A continuous supply of oxygen gas is required to maintain cellular structure and function. Even brief deficits in oxygenation, as occurs in patients with lung injury or airway problems, can cause the heart to stop beating, a disorder known as cardiac arrest. More than 200,000 patients per year in the US suffer from cardiac arrest in the hospital setting (i.e. in-hospital cardiac arrest, IHCA). Among those, approximately ~40-60% are thought to be precipitated by hypoxia (i.e. asphyxial cardiac arrest, or ACA), with a mortality rate between 70 and 95%, and neurologic injury is common in survivors. In these patients, the rapid restoration of oxygen delivery to the brain, heart, and other vital organs is paramount to intact survival. Delays of a few minutes can be the difference between recovering back to health and permanent neurologic impairment. In the most critically ill patients, underlying lung disease (for example) makes restoration of normal oxygen levels difficult. To address this problem, we have developed a way to administer oxygen gas intravenously. The key to this technology is that the oxygen gas is encapsulated within gas-filled microparticles small enough to pass through the circulation without causing obstruction. The particle shell is composed of a biocompatible material, modified dextran acetate succinate (DAS), which is stable for months in storage but releases gas immediately upon contact with the pH of blood. In rodents with cardiac arrest provoked by hypoxemia (i.e. ACA), the intravenous administration of oxygenated DAS (DAS-Ox) microparticles immediately restored oxygen levels to near-normal. When normal ventilation was restored, all treated animals exhibited return of spontaneous circulation (ROSC); all control animals died. We hypothesize that the early restoration of normal oxygen tension using injections of intravenous oxygen will sustain myocardial and cerebral energy production in asphyxial cardiac arrest, which will achieve early ROSC and improve neurologically intact survival. This project has 3 specific aims.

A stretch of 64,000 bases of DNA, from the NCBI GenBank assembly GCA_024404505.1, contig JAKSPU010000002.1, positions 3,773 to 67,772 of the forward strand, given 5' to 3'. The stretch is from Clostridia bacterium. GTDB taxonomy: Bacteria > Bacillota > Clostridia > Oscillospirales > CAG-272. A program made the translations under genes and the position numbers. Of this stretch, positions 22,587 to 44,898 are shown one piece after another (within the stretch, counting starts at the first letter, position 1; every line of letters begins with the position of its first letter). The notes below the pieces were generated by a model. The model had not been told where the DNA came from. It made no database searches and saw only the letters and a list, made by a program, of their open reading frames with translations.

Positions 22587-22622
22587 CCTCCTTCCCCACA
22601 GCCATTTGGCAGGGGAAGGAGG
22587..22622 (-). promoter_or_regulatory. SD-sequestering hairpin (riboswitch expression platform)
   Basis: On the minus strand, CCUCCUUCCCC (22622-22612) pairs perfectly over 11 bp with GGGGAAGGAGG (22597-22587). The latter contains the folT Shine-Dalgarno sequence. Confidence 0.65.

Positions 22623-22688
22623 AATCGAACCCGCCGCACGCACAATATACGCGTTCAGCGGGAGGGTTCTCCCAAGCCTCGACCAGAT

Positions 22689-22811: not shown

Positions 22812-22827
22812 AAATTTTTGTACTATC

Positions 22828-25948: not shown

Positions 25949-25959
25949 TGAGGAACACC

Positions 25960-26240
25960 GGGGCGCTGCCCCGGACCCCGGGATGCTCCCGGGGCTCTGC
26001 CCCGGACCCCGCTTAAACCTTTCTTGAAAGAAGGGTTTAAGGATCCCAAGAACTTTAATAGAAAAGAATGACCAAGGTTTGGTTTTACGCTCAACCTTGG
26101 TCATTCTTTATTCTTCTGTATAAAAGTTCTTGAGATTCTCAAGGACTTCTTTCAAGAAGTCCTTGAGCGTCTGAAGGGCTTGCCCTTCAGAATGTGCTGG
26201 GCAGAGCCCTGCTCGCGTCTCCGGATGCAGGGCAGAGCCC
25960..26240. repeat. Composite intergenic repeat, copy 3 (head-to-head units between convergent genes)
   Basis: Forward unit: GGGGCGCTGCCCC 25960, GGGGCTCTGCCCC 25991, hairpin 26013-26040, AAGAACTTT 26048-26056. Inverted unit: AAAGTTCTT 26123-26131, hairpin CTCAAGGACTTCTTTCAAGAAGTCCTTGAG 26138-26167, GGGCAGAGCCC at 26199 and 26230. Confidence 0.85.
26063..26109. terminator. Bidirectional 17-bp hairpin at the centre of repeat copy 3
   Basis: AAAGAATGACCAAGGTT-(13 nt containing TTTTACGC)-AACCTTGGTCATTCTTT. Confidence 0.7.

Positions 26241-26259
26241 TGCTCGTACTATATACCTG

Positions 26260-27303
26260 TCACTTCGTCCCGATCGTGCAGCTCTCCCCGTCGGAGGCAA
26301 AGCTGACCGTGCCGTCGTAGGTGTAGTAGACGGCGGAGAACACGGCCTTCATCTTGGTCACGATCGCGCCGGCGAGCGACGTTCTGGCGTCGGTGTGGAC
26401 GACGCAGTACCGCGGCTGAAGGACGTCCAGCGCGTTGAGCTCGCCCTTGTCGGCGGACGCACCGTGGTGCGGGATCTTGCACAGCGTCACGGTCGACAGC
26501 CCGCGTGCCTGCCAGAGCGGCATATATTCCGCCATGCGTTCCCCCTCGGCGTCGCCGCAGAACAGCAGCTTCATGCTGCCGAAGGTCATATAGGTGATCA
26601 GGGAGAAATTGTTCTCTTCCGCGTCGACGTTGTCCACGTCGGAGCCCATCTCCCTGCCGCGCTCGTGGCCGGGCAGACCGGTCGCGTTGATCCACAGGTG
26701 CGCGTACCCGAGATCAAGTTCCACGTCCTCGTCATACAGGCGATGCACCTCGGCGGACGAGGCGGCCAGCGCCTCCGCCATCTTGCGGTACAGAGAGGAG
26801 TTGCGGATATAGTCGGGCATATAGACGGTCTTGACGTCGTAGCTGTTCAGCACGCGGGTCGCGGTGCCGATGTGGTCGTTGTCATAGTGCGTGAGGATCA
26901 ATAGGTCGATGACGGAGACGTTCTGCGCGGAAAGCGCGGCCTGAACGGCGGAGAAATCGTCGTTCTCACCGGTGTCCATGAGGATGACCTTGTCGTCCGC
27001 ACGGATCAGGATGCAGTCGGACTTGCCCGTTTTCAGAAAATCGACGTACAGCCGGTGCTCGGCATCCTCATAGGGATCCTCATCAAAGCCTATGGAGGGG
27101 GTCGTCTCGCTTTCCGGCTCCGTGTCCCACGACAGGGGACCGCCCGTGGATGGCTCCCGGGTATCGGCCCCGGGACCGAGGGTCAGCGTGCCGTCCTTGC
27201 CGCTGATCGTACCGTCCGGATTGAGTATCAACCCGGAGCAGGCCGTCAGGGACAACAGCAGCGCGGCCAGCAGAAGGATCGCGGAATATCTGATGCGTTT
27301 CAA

In Aim I, we will optimize the oxygen carrying capacity of DAS-Ox MPs in order to minimize the volume of administration and mass of DAS polymer required to meaningfully supplement the oxygen consumption of large animals. We will vary manufacturing parameters and chemical composition of the shell within a design of experiments construct, examining shell thickness, particle size, dispersibility, and rheology as endpoints.
In Aim II, we will infuse optimized microparticles in swine to screen for pulmonary vascular obstruction, rigorously examining for endothelial injury, interference with blood components, organ injury, and describing biodistribution, redesigning the particle shell as needed.
In Aim III, we will test whether the administration of intravenous oxygen in a swine model of asphyxial cardiac arrest improves neurologically intact survival. If successful, this work would create a paradigm-changing technology enabling the rapid reversal of hypoxemia and representing a powerful new therapy for the treatment of asphyxial cardiac arrest.
The goal of this project is to establish a new treatment for asphyxial cardiac arrest through the intravenous administration of oxygen gas packaged into hollow core microparticles. Following injection, these microparticles circulate in the bloodstream during CPR (as do all resuscitative medications), restoring oxygenation of the blood to normal and providing substrate for vital organs to respire. In this grant, we will optimize the oxygen carrying capacity of these microparticles, test their safety in swine, and then examine their ability to improve neurologically intact survival in a swine model of asphyxial cardiac arrest.